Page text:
For context, this is the same government that recently tried to ram through a super-restrictive version of the US Digital Millennium Copyright Act, refusing to meet with Canadian artists, filmmakers, academics, librarians or user-rights groups. As Michael Geist says, "Last year's experience with Bill C-61 left thousands of Canadians deeply disappointed with government on copyright policy. Yesterday's remarks signal an important shift with both Clement and Moore clearly committed to more open consultation and to the development of a balanced copyright bill that better reflects the real-world realities of new technologies, innovation, new creators, and the reasonable expectations of Canadian consumers."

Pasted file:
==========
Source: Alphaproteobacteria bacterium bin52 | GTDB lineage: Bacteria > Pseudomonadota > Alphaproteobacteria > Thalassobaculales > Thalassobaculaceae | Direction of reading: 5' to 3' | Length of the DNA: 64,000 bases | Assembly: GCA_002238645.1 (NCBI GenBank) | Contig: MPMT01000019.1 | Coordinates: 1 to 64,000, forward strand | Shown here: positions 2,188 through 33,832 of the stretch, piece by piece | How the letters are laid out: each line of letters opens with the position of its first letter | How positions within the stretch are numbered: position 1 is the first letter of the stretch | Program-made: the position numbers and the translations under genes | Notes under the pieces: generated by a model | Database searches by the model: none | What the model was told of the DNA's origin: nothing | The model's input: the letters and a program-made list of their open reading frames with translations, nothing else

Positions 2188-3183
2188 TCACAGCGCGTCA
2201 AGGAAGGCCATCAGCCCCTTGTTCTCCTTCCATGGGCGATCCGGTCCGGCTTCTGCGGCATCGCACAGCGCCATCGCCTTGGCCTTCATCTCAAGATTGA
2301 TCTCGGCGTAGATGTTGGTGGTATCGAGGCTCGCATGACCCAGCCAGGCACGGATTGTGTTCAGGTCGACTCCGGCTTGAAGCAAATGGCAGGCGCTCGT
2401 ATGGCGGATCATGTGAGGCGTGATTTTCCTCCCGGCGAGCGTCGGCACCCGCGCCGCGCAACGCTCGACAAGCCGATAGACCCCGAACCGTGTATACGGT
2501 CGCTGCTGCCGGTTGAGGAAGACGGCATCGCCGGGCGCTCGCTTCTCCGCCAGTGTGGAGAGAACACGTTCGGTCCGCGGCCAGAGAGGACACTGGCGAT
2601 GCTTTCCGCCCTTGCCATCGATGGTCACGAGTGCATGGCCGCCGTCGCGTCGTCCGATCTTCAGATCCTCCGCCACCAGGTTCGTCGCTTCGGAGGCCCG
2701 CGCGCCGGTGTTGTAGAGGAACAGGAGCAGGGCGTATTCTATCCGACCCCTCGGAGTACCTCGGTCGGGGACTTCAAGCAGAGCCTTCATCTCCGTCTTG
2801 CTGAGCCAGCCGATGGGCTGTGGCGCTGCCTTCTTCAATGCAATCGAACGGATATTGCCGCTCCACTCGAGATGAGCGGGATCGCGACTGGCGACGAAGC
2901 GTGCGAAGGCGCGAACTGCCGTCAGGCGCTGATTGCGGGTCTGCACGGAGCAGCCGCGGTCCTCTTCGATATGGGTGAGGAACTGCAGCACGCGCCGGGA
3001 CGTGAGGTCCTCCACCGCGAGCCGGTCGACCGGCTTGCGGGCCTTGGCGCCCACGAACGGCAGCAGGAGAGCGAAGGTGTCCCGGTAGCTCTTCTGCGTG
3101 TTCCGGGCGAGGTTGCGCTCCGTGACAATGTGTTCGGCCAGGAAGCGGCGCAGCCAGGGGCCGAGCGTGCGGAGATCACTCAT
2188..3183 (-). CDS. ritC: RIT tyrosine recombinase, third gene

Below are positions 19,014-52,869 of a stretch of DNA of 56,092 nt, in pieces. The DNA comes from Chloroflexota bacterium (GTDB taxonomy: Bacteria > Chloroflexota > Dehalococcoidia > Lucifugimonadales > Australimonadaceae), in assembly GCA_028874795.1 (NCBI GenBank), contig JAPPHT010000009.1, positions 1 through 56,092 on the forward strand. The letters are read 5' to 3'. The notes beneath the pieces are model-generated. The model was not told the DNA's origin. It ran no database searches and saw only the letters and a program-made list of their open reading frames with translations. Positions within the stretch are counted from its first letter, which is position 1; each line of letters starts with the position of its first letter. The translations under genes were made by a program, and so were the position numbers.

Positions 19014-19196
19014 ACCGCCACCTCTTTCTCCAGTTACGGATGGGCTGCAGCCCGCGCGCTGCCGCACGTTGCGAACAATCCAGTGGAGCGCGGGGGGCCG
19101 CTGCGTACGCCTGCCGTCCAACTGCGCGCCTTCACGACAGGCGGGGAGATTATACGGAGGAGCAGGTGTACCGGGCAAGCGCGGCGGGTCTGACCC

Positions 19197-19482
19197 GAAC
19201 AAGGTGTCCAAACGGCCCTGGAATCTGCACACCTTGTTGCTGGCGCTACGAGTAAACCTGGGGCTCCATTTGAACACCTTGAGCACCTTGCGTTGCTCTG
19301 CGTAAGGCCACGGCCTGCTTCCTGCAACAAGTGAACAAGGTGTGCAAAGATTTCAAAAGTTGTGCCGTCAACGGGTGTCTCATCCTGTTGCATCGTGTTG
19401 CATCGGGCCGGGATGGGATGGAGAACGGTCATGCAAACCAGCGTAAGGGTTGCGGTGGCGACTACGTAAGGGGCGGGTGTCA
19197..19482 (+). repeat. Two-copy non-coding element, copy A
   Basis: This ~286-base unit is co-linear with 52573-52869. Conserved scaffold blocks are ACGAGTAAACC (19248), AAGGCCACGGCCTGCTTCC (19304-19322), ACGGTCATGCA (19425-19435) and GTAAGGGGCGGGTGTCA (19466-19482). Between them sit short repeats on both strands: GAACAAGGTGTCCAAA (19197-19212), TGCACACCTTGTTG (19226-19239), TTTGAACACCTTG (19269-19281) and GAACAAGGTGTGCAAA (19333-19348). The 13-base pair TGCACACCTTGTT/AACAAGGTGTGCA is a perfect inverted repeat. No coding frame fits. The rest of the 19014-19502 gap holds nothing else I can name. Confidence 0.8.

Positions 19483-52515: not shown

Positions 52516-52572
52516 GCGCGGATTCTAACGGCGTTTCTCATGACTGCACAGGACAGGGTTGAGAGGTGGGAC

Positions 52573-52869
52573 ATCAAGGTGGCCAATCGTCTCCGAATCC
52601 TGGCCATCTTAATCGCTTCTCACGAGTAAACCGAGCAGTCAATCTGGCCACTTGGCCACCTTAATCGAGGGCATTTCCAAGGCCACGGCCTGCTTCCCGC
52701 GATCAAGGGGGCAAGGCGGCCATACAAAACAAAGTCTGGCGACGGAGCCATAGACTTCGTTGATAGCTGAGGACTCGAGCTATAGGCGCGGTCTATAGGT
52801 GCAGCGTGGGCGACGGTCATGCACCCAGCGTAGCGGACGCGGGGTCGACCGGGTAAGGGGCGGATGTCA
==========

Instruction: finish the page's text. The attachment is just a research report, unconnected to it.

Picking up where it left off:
Reflecting on the Digital Economy Conference
The old way of doing things is over. These things are all now one. And it's great. And it's never been better. And we need to be enthusiastic and embrace these things. I point out the average age of a member of parliament because don't assume that those who are making the decisions and who are driving the debate understand all the dynamics that are at play here. Don't assume that everybody understands the opportunities that are at play here and how great this can be for Canada. Tony is doing his job and I'm going to do my job and be a cheerleader and push this and to fight for the right balance as we go forward. The opportunities are unbelievable and unparalleled in human history.
I write books. My latest is a YA science fiction novel called Homeland (it's the sequel to Little Brother). More books: Rapture of the Nerds (a novel, with Charlie Stross); With a Little Help (short stories); and The Great Big Beautiful Tomorrow (novella and nonfic). I speak all over the place and I tweet and tumble, too.